He is right to emphasize that being a sceptic does not "necessarily mean believing in nothing" and this book will help dispel the caricature of a disengaged, cynical and generally negative person. Never before has humanity had so much access to so much learning, but along with that enhanced freedom comes the responsibility to exercise our sceptical muscles. We have the tools: the "basic principles of logic, consistency, evidence and 'inductive reasoning' are common to every human society" and are not the sole preserve of some imagined western intellectual elite. It's up to us to challenge faith, ideology, prejudice, ignorance, whatever stands in the way of getting at the truth. For Christians, "Doubting Thomas" was a failure, the person they should strive not to be. For Wilson, Thomas would make a fine "patron saint of sceptics", someone who is not afraid of asking awkward questions.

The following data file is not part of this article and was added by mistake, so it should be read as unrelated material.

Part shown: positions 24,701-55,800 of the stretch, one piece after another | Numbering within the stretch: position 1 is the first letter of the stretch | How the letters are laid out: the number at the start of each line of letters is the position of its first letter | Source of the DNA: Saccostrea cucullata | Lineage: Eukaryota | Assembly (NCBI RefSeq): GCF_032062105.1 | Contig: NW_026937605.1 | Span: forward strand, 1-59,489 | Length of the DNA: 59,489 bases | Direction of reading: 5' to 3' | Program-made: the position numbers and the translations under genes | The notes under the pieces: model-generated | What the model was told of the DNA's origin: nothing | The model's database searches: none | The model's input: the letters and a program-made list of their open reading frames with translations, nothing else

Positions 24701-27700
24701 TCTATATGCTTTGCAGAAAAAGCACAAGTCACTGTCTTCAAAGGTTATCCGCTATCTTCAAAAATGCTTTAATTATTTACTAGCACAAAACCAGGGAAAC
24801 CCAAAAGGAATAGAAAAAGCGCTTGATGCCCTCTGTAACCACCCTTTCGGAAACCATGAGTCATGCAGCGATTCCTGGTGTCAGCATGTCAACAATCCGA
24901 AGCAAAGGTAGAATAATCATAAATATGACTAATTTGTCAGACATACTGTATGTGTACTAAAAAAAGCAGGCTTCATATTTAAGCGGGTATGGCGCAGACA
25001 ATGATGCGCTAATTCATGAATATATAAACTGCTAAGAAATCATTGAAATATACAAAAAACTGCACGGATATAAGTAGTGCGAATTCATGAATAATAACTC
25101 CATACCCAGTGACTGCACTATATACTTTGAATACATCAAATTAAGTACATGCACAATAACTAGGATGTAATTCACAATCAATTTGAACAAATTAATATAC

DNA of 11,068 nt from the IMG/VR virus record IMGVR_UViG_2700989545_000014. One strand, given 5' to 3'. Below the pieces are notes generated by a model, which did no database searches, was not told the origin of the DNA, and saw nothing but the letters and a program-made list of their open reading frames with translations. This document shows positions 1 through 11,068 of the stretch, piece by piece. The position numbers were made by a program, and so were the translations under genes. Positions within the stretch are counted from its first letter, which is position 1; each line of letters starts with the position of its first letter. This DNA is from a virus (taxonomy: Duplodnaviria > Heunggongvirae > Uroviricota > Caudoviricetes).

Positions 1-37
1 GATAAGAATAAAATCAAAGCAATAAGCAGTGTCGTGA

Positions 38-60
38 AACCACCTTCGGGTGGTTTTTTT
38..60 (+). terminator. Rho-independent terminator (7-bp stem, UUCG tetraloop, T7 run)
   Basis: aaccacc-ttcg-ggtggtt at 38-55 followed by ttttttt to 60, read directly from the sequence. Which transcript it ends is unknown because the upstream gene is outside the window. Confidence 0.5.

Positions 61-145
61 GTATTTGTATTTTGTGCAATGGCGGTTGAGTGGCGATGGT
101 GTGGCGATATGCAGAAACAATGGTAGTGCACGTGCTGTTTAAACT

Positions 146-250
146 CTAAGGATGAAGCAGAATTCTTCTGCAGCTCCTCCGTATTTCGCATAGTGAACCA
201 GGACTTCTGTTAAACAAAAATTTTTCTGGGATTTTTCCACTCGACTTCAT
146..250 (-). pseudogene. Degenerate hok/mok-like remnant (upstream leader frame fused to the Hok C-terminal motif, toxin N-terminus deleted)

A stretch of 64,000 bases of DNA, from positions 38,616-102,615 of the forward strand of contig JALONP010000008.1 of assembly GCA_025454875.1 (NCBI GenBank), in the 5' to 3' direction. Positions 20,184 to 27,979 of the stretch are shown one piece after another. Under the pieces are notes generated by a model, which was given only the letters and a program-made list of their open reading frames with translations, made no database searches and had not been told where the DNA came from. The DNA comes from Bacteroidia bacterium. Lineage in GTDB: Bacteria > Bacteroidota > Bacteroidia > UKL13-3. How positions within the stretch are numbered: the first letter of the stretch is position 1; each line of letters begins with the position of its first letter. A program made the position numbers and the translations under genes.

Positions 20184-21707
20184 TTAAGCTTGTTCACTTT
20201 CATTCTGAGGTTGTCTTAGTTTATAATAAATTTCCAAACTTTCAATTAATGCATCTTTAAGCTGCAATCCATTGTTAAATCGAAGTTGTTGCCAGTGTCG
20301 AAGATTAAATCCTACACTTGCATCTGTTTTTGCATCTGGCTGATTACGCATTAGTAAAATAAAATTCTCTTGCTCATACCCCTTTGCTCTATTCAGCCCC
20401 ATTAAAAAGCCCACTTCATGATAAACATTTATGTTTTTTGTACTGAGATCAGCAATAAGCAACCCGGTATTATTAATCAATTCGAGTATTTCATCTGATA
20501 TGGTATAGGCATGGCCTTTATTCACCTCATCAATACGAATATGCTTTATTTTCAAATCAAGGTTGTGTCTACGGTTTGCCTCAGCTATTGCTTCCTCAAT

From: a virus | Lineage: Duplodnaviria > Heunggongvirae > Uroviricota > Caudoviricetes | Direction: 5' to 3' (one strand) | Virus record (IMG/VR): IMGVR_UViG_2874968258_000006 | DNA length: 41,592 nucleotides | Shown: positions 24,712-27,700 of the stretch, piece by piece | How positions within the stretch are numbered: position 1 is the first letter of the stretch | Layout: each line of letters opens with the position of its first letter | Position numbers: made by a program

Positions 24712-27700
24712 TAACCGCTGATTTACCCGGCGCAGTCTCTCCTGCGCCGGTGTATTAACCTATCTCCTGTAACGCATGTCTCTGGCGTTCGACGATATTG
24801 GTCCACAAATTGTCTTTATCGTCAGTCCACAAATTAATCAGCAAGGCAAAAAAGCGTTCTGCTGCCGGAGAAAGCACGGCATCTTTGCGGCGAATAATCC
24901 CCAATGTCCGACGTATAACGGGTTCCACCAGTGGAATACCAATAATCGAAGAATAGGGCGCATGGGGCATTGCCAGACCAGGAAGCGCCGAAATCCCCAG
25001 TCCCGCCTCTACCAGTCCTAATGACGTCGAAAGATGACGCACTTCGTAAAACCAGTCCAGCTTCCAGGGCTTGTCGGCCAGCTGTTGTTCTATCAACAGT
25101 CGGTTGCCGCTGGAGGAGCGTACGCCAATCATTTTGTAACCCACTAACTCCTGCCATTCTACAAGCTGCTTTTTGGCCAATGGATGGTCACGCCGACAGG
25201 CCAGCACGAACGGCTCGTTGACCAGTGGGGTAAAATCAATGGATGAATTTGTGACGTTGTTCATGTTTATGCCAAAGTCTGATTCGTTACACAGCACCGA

Richard Wilson puts forward a good case for scepticism, reminding his readers that humanity has a long history of "meekly engaging in depraved acts of inhumanity on the basis of ideas that turned out to be total gibberish".
Much of his book focuses on the public relations industry, citing a number of case studies to show how opinion can be manipulated. He devotes a whole chapter to the way tobacco companies in the 1950s manipulated news organisations to question the increasingly obvious link between smoking and lung cancer. The strategy consisted of getting an influential academic on-side (geneticist Clarence Cook Little in this case), and using him to question every scrap of evidence which research scientists gathered supporting the need for anti-smoking legislation.